Fillit concurred, saying that combination therapy is the future and anti-amyloid therapies will remain an important part of treating patients.

Optimizing Administration and Brain Penetration

With Biogen and Eisai’s Leqembi on the market and an FDA advisory committee convening today to discuss Eli Lilly’s donanemab—both amyloid-clearing antibody treatments—companies developing anti-amyloid therapeutics are pivoting toward next-generation development. Two key areas targeted for improvement are administration and blood-brain barrier penetration, Fillit said.

Both Leqembi and donanemab are administered intravenously, every two weeks for the former and every four weeks for the latter. In addition to infusion center visits, patients on these therapies are looking at a series of imaging requirements to ensure brain health as they’re treated. Long-term data is not yet available for these new antibodies, so length of treatment is still unknown.

Aiming to relieve some of the burdens of treatment, both subcutaneous versions and oral therapies targeting beta-amyloid are currently in development.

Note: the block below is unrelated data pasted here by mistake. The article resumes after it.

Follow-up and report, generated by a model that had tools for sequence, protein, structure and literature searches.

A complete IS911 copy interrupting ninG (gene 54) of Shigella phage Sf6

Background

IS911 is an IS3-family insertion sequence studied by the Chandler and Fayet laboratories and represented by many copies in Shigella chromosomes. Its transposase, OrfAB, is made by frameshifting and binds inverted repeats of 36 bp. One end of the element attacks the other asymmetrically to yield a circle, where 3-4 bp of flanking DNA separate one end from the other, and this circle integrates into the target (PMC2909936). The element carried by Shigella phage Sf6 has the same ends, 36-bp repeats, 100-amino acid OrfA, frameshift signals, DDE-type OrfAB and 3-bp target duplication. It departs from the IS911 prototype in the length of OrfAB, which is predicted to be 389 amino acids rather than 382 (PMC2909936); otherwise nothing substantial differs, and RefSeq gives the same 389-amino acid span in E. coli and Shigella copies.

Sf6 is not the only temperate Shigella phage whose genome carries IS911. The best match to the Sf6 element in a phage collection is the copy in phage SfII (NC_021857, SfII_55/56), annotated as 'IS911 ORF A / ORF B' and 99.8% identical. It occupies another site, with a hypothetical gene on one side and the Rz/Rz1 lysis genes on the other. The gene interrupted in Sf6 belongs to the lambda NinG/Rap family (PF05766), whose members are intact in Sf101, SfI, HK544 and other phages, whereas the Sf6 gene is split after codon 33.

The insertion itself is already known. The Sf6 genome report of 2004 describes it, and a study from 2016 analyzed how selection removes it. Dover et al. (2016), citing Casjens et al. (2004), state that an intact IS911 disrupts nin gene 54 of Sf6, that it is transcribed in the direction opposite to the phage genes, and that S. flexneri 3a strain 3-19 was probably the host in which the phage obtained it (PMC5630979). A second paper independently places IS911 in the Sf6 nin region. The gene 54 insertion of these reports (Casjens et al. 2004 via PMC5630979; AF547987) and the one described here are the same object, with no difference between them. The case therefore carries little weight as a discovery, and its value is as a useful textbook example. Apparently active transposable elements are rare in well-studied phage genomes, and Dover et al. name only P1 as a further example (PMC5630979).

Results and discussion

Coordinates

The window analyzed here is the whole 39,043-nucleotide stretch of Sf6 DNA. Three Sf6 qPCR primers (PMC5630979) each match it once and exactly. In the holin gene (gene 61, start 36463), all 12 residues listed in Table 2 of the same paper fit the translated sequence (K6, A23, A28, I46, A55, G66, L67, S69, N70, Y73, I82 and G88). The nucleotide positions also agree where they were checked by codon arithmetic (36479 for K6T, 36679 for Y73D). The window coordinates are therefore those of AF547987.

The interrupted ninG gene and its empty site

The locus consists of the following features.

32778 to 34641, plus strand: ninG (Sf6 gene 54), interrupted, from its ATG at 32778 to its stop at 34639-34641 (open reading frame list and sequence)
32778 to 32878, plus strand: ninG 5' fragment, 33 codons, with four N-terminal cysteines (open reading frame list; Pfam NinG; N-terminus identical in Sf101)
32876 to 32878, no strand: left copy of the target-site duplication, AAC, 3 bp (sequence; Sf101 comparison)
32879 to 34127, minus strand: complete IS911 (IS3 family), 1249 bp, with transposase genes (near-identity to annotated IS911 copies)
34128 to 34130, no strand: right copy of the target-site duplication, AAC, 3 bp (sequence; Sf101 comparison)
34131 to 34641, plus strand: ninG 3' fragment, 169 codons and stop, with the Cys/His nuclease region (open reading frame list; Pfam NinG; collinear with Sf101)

Aliada Therapeutics’ monthly, subcutaneous antibody, ALIA-1758—in-licensed from J&J’s Janssen and moving toward Phase I ascending dose clinical studies—is uniquely engineered for both delivery and plaque clearing.

Targeting pyroglutamate amyloid beta, which is similar to the epitope targeted by donanemab, ALIA-1758 utilizes the transferrin receptor to drive its cargo to cells and force degradation and elimination of the plaques, explained John Dunlop, chief scientific officer at Aliada. By transporting the cargo in this way, a higher concentration of the antibodies is delivered across the blood-brain barrier to drive therapeutic benefit, he told BioSpace.